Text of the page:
Study Guides (248,617)
Canada (121,638)
Anthropology (296)
ANTB19H3 (17)

Exam essay 3

2 Pages

Course Code
Donna Young

This preview shows 80% of the first page. Sign up to view the full 2 pages of the document.
Before the study of the Neur by Evans-Pritchard, the people were thought to be a people with no social order and that existed among complete chaos; however, Evans-Pritchard understood the system that the Neur functioned within and saw the order hidden in the chaos. The theory that Evans-Pritchard used to describe the political life of the Nuer is known as structural functionalism and it is used to illustrate the interconnectedness between various institutions that work together in the society. These institutions help hold the society together and maintain, in a sense, an equilibrium that allows for the reproduction of cultural patterns. One of these key institutions in the Nuer was believed by Evans-Pritchard to be feud. What he defined as a feud was different from a war. A feud focuses more on the tribal and local politics; whereas, a war is much larger and involves a dispute between tribes or an outsider and a tribe. This essay will demonstrate how feud is a political institution for the Neur, as seen through its role in mediating conflict, representing the populous, and maintaining group cohesiveness. One of the main functions of a political institution is to mediate conflict as necessary. Just as in other political institutions, there is a clear and orderly manner to approach feuds in The Neur. For example, to settle a dispute about a stolen cow, the disputant must approach the Leopard Skin Chief and request his presence when he goes to ask for the return of the cow. The chief and a group of elders first go alone to discuss the matter and return for a second time with the disputant so both members of the feud are present. Everybody is given the opportunity to express his or her opinions, oaths for truthfulness are taken if necessary, and the elders and chief separate to decide upon a verdict. Once a verdict has been accepted by both disputants and there is complete unanimity, the losing side must acknowledge the justice of the other side’s case and the “case” is closed. As seen through this example, violence is neither total nor constant. And despite the absence of an authoritative control, there are clearly mechanisms to resolve conflict, such as: bloodwealth, compensation, figures to mediate (LPC & elders), and beliefs. In addition, it is ensured that there is no conflict of interest for the mediator of the conflict, the Leopard Skin Chief. This is guaranteed because he has no position in the system of dominant lineages. He can be seen as a stranger living on land that he does not hereditarily belong to. His ability to remain impartial when negotiating these feuds illustrates that he is the most ideal to play the role of the mediator. Finally, like other political institutions, there are conventional compensation for issues such as damage, adultery, and loss of limbs. In the case where a man commits adultery, the compensation is five cows and an ox. As illustrated in the above examples, feud aids in mediating conflicts, as seen through its clearly defined process of reconciliation, the existence of ideal mediators, and knowledge of conventional compensations. The mediation of conflict, a key function of all political institutions, is clearly demonstrated in the above features discussed above of the feud. Political institutions must also represent the populous and allow for everyone’s voice to be heard. Feuds provide the perfect situation for individuals to be represented fairly and to also have the right to speak their minds. Feuds must be brought to the attention of the chief, the chief does not intervene unless the disputants approach him and require his aid. When the disputants do contact the chief to help in t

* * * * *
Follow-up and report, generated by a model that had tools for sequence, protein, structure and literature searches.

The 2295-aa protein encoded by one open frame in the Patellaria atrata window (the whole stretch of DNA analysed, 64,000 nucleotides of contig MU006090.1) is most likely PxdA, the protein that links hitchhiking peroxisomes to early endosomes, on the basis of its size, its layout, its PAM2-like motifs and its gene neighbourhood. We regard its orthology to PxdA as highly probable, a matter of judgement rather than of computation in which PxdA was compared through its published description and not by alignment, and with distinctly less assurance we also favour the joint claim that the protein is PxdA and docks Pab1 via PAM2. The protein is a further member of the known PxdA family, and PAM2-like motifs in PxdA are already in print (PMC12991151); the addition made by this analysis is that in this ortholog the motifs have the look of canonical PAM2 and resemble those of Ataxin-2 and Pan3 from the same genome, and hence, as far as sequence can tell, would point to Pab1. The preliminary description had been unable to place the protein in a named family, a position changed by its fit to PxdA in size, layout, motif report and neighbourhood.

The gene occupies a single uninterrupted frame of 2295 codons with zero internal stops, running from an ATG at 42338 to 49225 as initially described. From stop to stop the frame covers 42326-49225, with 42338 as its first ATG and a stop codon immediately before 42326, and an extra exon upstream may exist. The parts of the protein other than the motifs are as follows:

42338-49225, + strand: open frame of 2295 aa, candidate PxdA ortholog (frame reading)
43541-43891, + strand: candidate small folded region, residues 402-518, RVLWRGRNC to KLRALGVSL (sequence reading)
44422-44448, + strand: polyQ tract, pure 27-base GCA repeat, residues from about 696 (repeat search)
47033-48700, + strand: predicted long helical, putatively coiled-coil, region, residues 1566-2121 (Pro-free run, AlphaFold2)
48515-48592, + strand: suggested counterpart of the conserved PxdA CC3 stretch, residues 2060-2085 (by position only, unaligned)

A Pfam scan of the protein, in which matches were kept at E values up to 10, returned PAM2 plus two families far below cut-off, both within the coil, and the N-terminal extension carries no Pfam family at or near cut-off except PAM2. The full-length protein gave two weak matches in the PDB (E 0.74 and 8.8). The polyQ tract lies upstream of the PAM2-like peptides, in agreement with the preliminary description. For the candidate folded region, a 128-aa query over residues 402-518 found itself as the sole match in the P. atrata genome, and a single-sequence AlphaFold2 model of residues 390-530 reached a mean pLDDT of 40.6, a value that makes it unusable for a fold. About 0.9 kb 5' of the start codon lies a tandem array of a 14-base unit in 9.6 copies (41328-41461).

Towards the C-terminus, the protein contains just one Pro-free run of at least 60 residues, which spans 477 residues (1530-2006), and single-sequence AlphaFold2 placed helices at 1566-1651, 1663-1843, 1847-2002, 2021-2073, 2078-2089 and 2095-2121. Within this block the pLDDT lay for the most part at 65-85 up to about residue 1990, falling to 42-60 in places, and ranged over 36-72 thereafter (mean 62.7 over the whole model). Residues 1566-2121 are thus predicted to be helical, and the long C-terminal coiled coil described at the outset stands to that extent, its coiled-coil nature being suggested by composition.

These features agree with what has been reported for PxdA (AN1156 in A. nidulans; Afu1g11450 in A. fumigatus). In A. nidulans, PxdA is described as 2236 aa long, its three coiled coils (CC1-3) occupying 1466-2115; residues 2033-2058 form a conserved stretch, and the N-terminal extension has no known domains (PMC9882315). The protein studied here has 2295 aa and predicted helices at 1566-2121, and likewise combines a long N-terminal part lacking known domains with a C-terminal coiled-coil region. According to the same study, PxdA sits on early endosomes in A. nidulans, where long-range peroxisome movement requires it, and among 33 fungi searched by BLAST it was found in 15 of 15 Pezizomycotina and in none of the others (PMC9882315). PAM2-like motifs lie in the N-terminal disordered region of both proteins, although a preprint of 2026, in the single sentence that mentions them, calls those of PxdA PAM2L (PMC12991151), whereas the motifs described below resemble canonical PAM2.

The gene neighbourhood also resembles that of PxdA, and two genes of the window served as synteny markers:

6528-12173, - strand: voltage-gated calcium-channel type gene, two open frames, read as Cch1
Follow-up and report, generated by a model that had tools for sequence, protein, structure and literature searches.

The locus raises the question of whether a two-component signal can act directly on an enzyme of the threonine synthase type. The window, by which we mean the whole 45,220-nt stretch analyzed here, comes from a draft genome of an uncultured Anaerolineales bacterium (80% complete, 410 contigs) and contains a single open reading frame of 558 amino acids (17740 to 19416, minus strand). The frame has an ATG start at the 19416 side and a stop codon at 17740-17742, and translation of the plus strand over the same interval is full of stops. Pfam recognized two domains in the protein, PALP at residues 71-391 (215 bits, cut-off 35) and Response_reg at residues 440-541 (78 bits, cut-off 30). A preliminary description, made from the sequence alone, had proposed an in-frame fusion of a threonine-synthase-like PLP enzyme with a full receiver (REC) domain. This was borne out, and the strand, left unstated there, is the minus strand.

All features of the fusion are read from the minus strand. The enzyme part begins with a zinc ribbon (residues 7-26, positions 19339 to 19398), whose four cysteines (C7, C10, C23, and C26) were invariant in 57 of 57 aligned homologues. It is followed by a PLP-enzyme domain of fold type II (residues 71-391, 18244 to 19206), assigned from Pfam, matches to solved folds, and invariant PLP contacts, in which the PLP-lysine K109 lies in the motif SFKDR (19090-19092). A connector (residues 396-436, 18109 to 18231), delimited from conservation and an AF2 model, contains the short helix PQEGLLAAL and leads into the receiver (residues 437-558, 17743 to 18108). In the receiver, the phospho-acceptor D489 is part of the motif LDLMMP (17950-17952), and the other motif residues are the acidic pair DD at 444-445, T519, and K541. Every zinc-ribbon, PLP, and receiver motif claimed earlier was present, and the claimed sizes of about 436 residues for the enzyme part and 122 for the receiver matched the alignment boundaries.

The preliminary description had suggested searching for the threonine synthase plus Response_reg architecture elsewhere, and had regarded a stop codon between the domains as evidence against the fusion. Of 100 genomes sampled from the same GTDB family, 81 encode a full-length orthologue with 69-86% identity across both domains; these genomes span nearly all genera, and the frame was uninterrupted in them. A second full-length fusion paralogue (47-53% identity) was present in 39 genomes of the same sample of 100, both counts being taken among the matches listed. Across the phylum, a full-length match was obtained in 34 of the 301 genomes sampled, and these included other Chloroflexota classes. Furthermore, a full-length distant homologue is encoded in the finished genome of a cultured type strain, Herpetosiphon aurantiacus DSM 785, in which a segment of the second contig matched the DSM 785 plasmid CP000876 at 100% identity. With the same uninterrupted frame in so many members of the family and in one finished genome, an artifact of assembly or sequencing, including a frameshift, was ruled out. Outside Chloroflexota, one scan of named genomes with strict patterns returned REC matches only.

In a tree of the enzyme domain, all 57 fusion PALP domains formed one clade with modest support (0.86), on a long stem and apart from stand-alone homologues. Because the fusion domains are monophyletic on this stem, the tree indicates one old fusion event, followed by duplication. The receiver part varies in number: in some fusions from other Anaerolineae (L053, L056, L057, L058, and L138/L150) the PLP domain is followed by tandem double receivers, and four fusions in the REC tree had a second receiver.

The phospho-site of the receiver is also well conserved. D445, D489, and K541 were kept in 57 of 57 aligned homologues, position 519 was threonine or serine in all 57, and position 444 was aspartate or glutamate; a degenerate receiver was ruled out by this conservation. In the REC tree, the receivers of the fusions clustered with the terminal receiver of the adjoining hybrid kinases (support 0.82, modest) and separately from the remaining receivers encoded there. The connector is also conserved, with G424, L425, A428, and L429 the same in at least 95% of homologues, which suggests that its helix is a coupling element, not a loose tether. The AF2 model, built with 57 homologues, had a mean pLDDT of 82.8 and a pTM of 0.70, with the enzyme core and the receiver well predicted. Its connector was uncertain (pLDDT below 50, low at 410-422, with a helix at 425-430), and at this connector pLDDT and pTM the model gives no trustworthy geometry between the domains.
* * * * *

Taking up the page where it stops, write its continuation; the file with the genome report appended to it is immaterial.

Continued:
More Less
Unlock Document

Only 80% of the first page are available for preview. Some parts have been intentionally blurred.

Unlock Document
You're Reading a Preview

Unlock to view full version

Unlock Document

Log In


Join OneClass

Access over 10 million pages of study
documents for 1.3 million courses.

Sign up

Join to view


By registering, I agree to the Terms and Privacy Policies
Already have an account?
Just a few more details

So we can recommend you notes for your school.

Reset Password

Please enter below the email address you registered with and we will send you a link to reset your password.

Add your courses

Get notes from the top students in your class.